When I first started running, every mile felt like a Herculean effort. It took months, but once my runs started to feel less like I was dying, and more like I was moving, I really enjoyed my training. Mostly. So, I was really surprised when a few weeks later, I had what I thought was the worst run of my life. Each step felt like I was carrying cinderblocks, my stomach hurt, and I almost cried when I looked at my watch after what I thought was almost a mile to see I’d only covered a third. I’d been making such great progress! I never saw that bad run coming.
And honestly, it rented so much space in my little running brain for way longer than it should have. That hard run tormented me. I started off every run afterwards silently praying that this run wouldn’t feel like that one. I worried about whether I was really making the progress I had thought I was. That one shitty run ate at my confidence and stole a lot of my running joy, for at least the better part of a month.
But surprisingly, I learned a lot of lessons from that one bad run. Which is a really good thing, because it was 100% not my last bad run. And while I don’t ever love having a run that feels 95% harder than it should, I’ve learned how to recover and bounce back a whole lot quicker. So here’s a few of my favorite Do’s and Don’ts for recovering from a bad run.
- Do recognize that every runner has bad runs. Elites and back of the pack weekend warriors alike. If you run long enough, you will experience bad runs on more than occasion.
- So Don’t be surprised when a bad run rears it’s ugly head. If you haven’t felt like death warmed over after a run in recent history, know that one of those soul sucking death marches is bound to appear at some point in the future. Toddlers have tantrums. Actors have crap auditions. Runners have bad runs. It’s just a thing that happens sometimes.
- Don’t question your progress. One bad run does not a shitty training cycle make. There’s so many things that can factor into a crappy run. Having less than stellar sleep the night before, having more stress at work, eating something that just doesn’t agree with you. Suffering through a bad run does not mean that you’re not getting stronger.
- In fact, do realize that surviving a bad run means you’ve gained mental strength! It takes a lot more grit and determination to get through a crap run that makes you almost willing to pay for the most expensive Uber to get back to your car, than it does to get through an easy, breezy life-affirming trot. So celebrate that.
- Don’t ever let the first mile dictate how your run is going to go. Seasoned runners everywhere know that the first mile is the liar mile. It’s absolutely possible to have the shittiest first mile turn into a glorious run three steps later. So if you’re going to call it on a run (totes acceptable!), wait until after that first mile to make a decision.
- Do be ok with cutting it short if things don’t get better. Now there’s a huge difference between a run that just feels like more of an effort than it should, and a run that is an absolute struggle with every single step. In the grand scheme of things, slashing a few miles off your run is not going to make any sort of meaningful impact on your training. If you’re pushing through an important long run (say your 10 miler in your half-marathon training plan), give it your best shot to finish. But if you only get through 8 miles, those last 2 are not going to make or break your race performance.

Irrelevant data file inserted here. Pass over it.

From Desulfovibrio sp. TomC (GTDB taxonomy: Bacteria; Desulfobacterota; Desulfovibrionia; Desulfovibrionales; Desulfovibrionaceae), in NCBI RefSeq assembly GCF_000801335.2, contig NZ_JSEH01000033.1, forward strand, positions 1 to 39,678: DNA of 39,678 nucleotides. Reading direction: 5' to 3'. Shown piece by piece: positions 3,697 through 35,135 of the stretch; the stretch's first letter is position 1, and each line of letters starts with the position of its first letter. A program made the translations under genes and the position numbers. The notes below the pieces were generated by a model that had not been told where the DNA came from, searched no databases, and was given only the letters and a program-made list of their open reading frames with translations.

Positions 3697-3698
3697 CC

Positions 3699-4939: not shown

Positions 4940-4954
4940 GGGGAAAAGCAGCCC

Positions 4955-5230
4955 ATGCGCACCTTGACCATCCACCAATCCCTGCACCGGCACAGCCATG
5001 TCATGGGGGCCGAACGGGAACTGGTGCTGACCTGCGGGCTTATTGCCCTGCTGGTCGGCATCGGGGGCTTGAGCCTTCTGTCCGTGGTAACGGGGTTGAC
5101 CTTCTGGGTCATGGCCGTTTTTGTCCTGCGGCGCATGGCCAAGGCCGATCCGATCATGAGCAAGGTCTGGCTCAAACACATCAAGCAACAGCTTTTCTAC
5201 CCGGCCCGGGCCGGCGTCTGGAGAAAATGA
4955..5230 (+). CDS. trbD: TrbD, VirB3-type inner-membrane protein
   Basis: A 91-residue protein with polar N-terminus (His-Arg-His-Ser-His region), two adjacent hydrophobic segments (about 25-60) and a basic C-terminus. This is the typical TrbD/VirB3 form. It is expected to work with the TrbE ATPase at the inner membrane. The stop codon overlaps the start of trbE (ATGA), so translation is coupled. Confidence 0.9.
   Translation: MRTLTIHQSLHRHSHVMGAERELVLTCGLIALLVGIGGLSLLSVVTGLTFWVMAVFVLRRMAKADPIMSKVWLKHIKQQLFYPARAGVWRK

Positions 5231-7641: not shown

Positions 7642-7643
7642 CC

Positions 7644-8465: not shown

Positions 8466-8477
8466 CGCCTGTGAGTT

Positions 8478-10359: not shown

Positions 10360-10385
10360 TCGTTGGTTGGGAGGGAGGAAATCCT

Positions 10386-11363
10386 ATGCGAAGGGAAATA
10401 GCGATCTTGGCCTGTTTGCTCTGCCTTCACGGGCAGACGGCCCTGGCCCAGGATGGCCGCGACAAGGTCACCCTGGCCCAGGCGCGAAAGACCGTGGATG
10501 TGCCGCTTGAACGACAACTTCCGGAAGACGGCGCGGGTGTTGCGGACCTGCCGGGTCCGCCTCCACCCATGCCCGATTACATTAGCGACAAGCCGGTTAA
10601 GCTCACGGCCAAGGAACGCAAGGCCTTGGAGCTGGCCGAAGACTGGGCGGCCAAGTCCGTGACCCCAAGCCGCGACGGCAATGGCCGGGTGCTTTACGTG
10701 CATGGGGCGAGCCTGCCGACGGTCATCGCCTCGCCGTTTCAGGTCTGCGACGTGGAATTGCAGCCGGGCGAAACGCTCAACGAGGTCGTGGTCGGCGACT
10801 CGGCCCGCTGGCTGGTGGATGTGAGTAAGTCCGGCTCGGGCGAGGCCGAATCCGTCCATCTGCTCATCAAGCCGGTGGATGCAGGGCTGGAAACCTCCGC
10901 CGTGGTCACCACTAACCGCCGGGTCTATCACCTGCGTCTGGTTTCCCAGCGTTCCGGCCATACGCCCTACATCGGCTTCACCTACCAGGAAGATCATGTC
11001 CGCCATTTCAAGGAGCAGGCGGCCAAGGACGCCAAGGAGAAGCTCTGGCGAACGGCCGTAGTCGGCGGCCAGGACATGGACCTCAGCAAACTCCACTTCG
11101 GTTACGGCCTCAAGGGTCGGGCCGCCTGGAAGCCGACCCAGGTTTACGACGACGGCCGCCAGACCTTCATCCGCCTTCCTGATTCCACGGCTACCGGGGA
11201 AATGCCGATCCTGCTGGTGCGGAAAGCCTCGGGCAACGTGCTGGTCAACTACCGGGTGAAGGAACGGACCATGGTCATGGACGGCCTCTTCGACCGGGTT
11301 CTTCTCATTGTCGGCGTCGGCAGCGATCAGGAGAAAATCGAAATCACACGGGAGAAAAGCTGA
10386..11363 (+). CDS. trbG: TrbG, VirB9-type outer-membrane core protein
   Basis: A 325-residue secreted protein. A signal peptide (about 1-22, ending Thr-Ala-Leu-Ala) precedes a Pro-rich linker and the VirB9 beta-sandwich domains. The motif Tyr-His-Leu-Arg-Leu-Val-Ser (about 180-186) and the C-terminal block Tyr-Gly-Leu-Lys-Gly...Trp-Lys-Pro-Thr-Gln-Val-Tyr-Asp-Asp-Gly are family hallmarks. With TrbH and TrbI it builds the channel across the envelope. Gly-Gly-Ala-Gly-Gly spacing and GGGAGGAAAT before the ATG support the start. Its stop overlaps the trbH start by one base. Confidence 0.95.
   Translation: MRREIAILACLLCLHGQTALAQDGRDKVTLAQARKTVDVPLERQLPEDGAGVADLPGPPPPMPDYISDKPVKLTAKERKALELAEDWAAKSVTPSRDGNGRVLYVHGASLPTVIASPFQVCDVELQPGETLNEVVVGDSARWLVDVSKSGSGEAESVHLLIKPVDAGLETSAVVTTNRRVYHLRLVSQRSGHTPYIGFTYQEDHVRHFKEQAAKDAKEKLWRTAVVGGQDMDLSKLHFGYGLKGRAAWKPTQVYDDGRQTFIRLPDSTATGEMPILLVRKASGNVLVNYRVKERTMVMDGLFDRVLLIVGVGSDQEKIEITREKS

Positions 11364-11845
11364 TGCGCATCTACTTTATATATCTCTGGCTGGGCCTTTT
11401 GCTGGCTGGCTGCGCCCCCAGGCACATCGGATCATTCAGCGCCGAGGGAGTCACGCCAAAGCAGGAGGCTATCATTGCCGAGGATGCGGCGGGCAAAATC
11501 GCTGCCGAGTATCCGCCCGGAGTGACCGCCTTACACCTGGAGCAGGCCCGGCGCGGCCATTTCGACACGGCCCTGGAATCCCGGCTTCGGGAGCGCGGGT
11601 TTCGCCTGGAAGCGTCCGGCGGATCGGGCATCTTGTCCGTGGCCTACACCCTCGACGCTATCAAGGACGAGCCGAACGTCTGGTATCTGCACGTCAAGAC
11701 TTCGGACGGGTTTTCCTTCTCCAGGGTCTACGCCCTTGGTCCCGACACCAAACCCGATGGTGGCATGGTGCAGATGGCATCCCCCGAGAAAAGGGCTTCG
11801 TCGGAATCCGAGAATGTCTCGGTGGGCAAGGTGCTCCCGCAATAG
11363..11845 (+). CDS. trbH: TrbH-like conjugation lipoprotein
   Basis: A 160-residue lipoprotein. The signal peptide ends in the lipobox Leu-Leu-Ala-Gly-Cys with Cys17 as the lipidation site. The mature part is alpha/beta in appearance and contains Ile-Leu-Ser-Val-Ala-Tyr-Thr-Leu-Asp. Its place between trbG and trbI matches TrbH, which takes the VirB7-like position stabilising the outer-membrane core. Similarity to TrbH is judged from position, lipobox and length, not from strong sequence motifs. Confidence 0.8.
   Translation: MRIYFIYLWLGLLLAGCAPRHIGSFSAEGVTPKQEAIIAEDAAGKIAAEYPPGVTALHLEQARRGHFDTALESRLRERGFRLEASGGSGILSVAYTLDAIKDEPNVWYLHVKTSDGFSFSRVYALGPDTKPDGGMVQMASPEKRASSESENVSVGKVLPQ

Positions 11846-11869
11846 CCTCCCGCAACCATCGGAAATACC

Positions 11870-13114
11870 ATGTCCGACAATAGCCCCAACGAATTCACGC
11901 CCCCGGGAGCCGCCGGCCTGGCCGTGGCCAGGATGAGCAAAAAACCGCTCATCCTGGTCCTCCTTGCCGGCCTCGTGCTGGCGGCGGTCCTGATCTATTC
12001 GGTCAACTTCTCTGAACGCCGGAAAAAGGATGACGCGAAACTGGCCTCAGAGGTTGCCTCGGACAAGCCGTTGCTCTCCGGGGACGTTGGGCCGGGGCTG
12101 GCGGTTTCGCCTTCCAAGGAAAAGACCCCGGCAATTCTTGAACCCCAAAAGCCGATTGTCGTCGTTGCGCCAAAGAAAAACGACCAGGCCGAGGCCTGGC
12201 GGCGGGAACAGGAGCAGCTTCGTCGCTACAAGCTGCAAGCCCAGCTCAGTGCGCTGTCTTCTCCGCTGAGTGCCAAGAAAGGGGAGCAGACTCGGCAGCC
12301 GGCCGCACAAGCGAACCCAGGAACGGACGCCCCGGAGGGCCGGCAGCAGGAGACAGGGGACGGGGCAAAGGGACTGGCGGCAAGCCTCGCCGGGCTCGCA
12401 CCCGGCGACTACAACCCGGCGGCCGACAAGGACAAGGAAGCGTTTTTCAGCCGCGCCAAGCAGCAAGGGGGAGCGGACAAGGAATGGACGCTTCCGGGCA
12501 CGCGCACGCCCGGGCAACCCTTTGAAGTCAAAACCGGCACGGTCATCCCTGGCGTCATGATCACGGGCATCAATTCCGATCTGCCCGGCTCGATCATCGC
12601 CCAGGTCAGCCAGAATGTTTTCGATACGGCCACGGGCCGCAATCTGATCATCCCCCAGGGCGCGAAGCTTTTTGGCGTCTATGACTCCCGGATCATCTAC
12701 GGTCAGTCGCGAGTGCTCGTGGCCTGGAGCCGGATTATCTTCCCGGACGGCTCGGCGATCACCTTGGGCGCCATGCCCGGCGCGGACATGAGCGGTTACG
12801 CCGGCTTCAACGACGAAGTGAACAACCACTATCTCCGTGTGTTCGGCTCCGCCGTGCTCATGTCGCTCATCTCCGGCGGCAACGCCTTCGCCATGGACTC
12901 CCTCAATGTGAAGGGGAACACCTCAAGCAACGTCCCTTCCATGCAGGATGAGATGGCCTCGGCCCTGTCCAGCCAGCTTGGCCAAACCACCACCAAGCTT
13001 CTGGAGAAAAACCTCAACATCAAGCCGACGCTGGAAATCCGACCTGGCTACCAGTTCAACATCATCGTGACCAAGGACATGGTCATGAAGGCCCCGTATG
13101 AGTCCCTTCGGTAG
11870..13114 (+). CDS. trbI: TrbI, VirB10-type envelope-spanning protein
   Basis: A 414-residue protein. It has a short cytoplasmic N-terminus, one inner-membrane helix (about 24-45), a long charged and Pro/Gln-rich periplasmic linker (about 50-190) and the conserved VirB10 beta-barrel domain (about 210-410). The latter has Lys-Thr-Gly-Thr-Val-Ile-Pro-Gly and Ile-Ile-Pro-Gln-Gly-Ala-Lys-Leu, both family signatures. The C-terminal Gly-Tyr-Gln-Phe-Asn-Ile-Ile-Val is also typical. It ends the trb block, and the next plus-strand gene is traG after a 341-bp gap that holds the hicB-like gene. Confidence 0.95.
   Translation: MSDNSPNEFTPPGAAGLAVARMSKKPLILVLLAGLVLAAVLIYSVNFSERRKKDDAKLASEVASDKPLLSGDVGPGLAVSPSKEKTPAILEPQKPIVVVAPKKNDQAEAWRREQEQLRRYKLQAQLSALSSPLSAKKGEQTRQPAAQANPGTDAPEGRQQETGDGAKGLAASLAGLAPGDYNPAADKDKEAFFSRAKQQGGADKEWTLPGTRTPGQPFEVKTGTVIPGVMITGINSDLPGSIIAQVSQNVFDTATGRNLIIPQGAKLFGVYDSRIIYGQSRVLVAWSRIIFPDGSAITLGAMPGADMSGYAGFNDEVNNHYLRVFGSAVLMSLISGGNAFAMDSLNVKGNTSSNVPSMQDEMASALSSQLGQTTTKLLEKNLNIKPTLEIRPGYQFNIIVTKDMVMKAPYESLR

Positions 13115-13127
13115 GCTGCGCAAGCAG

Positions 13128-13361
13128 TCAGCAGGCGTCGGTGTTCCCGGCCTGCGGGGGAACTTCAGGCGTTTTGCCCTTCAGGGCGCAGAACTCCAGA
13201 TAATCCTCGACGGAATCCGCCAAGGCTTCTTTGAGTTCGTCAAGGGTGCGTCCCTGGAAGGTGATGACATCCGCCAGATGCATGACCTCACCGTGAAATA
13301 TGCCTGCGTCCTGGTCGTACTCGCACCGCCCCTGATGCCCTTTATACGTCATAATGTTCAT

- Don’t reduce your calories. I know a lot of runners might be tempted to reduce their intake, especially if they only got half of their run done. But don’t! There’s a very good chance your body is slightly under-fueled, and reducing calories even more might just screw up tomorrow’s run.
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- Do focus on recovery. Make sure to prioritize some stretching, foam rolling, eating, and getting a good nights sleep. I’ve had some of my best runs 24 hours after some of my worst, and I honestly attribute it to making recovery the most important part of my day.
- Don’t perseverate on the bad run. Part of having a background in behavioral health means that I get to use big, annoying words like perseverate. It’s a fancy way of saying fixating. So don’t fixate on the bad run. Don’t let it mentally mind screw you into worrying about having another bad run. The more often you think about bad runs, the more often you will have them. It’s the law of running attraction (it’s also why I try not to think about skunks on my runs).
- Do stay focused on your overall goal and consistency. When it comes to training, most of the magic is in the consistency. So if you can keep showing up every day, you’re golden.
- Don’t try to “make up” for it. See the point above. As long as you keep showing up, there’s no real reason to try to run harder or longer tomorrow. It all comes out in the wash eventually.
- Do consider whether you might need a recovery week or a day off. In order to grow, you have to give your body the opportunity to recover. So if you’ve been pushing for weeks without any real rest, and you suddenly have a crap run, consider programming a cutback week.
I know it can be easier said than done to just move on past a bad run like Beyonce walks away from anything that doesn’t serve her. But running is something that should add joy and happiness to your life, and if you’re letting those bad runs hang out in your head, running stops being a good time. If you keep moving, and find that bad runs are happening consistently, it might be a good idea to reach out to a coach to see if something in your programming should be tweaked.
But overall, remember that bad runs happen to all of us. The best runners can’t avoid them all together, but strong runners do know the secrets for recovering from a bad run. If you’ve got extra tips for moving past a crappy run, make sure to share them with the rest of us!